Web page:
There is no shortage of information and statistics supporting the premise that engaged employees consistently outperform disengaged employees. It is therefore the responsibility of every manager to intentionally choose how to be and what to do to encourage their employees’ engagement.

Take Action
Three simple things can help employees show up more engaged: know them, make time for them and develop them. What are you doing today to improve your employees’ engagement?

By Jay Forte

Consider reading Don’t Drag Your Feet When Hiring New Talent

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3 Ways to Win in the War for Talent

People are the hands, heart and soul of all organizations. This requires you to have a plan to attract, hire and retain the best because they are the connection to your customers and the drivers of your results.

With record low unemployment rates, many organizations are feeling the pinch for talent. Those people who want and can work are nearly all employed, leaving a small available talent pool to choose from. This, for many, means we are in a war for talent.

The war for talent isn’t as much about hiring the few people available. It is more about winning in to your organization the talented people who are disengaged in their current organizations. The Gallup Organization shares that nearly 70% of the workplace is disengaged. This isn’t because they are average employees. Rather, it is more likely that their current organization isn’t doing what it takes to attract, hire and retain the best talent. This means that today’s war for talent is more the result of a branding problem than a supply problem.

Seeing this challenge from a new perspective can help you see that many of the disengaged employees in other organizations have the interest and capacity to be amazing in your company if you are able to do these three things.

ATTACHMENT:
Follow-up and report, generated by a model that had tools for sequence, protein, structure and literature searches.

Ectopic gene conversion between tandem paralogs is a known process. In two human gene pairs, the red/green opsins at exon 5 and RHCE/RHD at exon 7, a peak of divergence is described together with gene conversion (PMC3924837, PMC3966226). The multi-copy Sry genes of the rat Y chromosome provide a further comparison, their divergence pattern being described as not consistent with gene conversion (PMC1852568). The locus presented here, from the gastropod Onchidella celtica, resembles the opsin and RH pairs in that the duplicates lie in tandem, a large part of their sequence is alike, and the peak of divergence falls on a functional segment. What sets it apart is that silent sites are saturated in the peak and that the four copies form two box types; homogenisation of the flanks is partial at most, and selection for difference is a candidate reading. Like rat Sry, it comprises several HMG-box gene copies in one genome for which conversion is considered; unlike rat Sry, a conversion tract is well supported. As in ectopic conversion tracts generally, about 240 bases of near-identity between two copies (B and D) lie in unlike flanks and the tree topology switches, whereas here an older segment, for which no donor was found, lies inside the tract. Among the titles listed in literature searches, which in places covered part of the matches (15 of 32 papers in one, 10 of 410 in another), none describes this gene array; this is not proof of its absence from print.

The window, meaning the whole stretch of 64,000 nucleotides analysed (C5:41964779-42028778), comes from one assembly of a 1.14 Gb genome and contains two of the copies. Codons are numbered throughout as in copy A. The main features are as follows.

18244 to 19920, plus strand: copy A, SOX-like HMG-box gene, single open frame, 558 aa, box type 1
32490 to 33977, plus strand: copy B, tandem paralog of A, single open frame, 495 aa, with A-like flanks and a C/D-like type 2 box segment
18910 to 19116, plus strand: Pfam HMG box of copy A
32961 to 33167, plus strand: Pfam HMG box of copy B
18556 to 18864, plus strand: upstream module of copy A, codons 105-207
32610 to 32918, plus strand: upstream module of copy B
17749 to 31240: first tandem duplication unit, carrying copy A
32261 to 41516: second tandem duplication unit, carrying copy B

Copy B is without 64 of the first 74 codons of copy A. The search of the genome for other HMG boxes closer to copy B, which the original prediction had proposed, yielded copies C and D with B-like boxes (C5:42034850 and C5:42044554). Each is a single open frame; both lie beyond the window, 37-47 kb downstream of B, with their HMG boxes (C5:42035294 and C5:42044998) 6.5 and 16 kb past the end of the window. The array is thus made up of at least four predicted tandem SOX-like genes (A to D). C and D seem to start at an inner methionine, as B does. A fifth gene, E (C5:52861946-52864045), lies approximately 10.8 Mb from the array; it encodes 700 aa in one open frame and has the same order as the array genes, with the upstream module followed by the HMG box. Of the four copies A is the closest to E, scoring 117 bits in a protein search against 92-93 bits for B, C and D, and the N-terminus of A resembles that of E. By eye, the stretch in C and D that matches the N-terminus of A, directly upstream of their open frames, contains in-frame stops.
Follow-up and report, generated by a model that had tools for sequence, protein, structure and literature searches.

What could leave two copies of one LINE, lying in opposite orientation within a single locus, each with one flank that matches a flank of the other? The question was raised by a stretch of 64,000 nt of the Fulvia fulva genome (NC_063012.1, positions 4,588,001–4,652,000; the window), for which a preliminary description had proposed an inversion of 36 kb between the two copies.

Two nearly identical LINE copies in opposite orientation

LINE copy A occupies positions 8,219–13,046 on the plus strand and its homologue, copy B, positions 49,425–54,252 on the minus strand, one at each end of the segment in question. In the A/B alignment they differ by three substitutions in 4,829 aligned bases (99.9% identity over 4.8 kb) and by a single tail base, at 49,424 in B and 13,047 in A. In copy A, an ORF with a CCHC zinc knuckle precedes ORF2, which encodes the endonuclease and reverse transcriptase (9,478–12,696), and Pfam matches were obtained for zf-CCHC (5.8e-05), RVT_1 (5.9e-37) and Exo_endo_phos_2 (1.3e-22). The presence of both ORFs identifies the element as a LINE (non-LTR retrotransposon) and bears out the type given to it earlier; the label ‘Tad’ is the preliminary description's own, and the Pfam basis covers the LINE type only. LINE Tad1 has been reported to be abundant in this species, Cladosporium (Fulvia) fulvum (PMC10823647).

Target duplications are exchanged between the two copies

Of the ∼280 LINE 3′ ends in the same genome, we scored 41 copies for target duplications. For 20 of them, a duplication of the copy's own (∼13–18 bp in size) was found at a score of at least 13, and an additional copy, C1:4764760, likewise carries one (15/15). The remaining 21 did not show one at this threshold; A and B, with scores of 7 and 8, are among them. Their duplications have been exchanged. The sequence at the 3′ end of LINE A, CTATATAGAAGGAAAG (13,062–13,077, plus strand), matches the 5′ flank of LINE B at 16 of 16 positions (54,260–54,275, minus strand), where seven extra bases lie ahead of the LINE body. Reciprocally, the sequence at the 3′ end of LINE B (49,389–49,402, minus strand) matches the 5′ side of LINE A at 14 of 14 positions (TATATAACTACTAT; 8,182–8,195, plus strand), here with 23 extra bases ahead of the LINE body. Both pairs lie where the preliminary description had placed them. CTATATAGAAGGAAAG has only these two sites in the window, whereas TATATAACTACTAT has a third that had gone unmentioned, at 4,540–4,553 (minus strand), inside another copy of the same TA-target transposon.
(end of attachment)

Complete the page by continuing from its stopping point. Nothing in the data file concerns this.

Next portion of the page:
1. Attract. Spread your story about what makes you different, unique and a great place to work. We used to think that sourcing talent meant going out and finding them. Today, sourcing talent is more about them finding you. Work hard to create a dynamic employee-focused workplace culture that values, develops and engages its employees, then share your story. Let your website host a career or job center that tells your story through images, videos, testimonials and other interactive media. Great people want to work for great companies. Get the word out that you are a great company and the great talent will find and connect with you.
  2. Hire. Commit to only hire people who fit your roles, team and culture. With an expanded amount of interest in your organization, have a clearly defined and well-followed hiring process that clearly states the tasks of each role, and the specific attributes needed to be successful in those tasks. Then, develop an interview process that uses both activities and behavioral-based questions to have the candidate share and prove their skills and strengths, to assess for fit. Be sure that your interview process can assess for team and culture fit. This helps you hire the right people who feel aligned, engaged and competent in your organization, limiting turnover and the need to hire again.
  3. Retain. Guide, support, develop and coach your employees to give them a reason to perform and stay. By hiring wisely, you help employees feel capable and competent in their roles. Then, train your managers to think and act like coaches to build stronger relationships with employees to better understand, support, guide and develop them. This encourages employees’ engagement, which is a key driver in their decision to perform and remain or to do as little as possible and seek new opportunities.

Take Action